Hussong’s Saved My Life

hussongscottfrost

 

vegas.eater.com

The president of Titan, which owns Hussong’s Cantina at Mandalay Place, was paralyzed after a motorcycle accident eight months before opening. “Paralysis is 20 percent physical and 80 percent mental. If I was doing nothing but staring at the ceiling, I wouldn’t be here,” he says.

Scott Frost likes to say that Hussong’s Cantina has been pouring fun down people’s throats since 2010. The Mexican restaurant, the first franchise of the Ensenada, Baja California, Mexico, bar that opened in 1892, seemed like a smooth transition when Frost and his company Titan signed the contract to open the first U.S. outlet. Then Frost was in a motorcycle accident that paralyzed him. That didn’t stop him from moving forward with Hussong’s, which opened eight months later at Mandalay Place. Frost even kept his promise to walk at the opening for the bar that claims to have invented the margarita in 1941. Now Hussong’s has a second location in Reno and plans to open more off-Strip by the end of the year. Here Frost talks about how Hussong’s came together, how Hussong’s helped him recover from his injuries and why the restaurant is like a family to him now.

How did Hussong’s Cantina come together?
That’s a funny story. My partner Jeff Marks is from So Cal. We were sitting here in 2008, the economy had tanked. We just had a big deal fall through at New York-New York. The week we signed the lease the stock market dropped 2,500 points. He thought we should go after Hussong’s, this little dive bar. I thought it was a super cool story.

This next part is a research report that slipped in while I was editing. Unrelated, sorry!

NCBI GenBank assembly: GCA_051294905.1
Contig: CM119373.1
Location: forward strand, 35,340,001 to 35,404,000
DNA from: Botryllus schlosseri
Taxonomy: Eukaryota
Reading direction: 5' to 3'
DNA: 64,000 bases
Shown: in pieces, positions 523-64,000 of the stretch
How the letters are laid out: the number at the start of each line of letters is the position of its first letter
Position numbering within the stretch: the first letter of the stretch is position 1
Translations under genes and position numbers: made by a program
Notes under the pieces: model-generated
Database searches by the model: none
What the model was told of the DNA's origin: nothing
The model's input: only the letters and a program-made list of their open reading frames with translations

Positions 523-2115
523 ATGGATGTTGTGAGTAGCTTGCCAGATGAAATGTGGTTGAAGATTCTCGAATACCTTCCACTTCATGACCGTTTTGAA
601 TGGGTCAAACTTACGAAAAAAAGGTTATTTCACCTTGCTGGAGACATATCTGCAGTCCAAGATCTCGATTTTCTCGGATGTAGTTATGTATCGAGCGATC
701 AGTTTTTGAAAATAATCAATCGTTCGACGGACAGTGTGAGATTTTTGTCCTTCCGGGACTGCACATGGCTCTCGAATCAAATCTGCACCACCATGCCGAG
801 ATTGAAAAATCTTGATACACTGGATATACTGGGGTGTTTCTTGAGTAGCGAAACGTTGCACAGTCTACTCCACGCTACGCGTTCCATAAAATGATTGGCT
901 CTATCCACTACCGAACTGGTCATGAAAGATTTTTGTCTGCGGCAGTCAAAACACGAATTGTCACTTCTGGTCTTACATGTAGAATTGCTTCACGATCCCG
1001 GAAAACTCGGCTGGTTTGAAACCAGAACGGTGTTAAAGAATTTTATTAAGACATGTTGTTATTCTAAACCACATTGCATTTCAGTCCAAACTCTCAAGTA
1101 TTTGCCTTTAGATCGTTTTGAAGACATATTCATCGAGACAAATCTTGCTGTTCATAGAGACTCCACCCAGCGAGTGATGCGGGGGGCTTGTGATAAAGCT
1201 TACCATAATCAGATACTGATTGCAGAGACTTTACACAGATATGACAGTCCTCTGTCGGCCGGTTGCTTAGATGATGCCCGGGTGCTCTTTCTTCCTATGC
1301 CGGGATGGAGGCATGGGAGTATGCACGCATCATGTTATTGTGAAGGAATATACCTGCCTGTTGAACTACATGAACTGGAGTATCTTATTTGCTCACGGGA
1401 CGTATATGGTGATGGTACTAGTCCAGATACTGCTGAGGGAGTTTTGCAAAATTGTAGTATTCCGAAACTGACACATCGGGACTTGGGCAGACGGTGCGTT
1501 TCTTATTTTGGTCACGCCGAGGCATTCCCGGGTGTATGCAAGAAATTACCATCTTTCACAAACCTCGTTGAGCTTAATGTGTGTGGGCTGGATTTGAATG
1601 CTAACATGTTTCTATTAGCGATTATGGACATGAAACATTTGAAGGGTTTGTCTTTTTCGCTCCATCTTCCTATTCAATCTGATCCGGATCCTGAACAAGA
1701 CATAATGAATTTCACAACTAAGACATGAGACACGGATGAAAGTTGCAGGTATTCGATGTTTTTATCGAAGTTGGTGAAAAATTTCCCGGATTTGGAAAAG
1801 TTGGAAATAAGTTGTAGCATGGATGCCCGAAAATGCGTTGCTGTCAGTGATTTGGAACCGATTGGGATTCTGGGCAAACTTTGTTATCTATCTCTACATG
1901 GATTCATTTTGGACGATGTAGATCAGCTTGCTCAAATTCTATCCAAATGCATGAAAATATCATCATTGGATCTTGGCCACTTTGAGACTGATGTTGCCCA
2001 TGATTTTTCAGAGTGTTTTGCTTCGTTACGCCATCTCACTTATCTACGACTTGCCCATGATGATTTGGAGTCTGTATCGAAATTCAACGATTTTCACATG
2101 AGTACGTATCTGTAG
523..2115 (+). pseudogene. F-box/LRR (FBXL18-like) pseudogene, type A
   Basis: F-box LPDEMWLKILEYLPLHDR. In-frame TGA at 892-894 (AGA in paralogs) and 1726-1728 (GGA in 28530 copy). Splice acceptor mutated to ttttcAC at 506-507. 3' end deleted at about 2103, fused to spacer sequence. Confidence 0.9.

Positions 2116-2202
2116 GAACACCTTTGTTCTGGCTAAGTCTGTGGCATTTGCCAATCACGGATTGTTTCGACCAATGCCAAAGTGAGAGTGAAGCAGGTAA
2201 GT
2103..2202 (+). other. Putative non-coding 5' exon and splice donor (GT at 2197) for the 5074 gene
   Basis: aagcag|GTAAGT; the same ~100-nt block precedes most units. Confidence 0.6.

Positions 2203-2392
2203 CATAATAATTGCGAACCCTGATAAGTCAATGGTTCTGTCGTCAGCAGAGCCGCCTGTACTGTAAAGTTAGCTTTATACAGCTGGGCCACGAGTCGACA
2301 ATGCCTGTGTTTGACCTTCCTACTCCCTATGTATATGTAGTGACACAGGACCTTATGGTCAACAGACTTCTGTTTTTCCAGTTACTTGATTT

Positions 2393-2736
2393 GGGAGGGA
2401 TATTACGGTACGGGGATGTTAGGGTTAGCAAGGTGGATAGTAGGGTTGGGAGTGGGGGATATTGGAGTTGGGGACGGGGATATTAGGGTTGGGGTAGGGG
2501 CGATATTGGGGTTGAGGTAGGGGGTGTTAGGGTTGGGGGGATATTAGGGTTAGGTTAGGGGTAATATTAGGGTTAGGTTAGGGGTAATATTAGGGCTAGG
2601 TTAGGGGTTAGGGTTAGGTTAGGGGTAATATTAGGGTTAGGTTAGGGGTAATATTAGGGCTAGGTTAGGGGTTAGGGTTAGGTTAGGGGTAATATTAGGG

Ricardo Hussong, founder Johan grandson, owns and runs the bar. I met with Ricardo in San Francisco. The deal came together rather quickly. Everyone wanted to do one in Southern California. We wanted Vegas, and that peaked his interest.

Chocolate Swan was going out of business at Mandalay Place. They made handmade fudge and the owner was getting too old to make fudge, so she was giving up the space. It was in immaculate condition. Every piece of machinery had the owner’s manual taped to the front.

That was in May 2009. Hussong’s is a bar, and not a restaurant. The brand identifiers are the red bar, an eclectic mix of photos and the eland head. We knew what it would look like. We didn’t know what kind of food we would have.

I was out motorcycle riding and I break my neck right smack in the middle of the lease negotiations. I say, “Don’t stop. I’m the same guy from the shoulders up.” I had no brain damage. I set up an office in rehab and slide my Blackberry into my neck brace.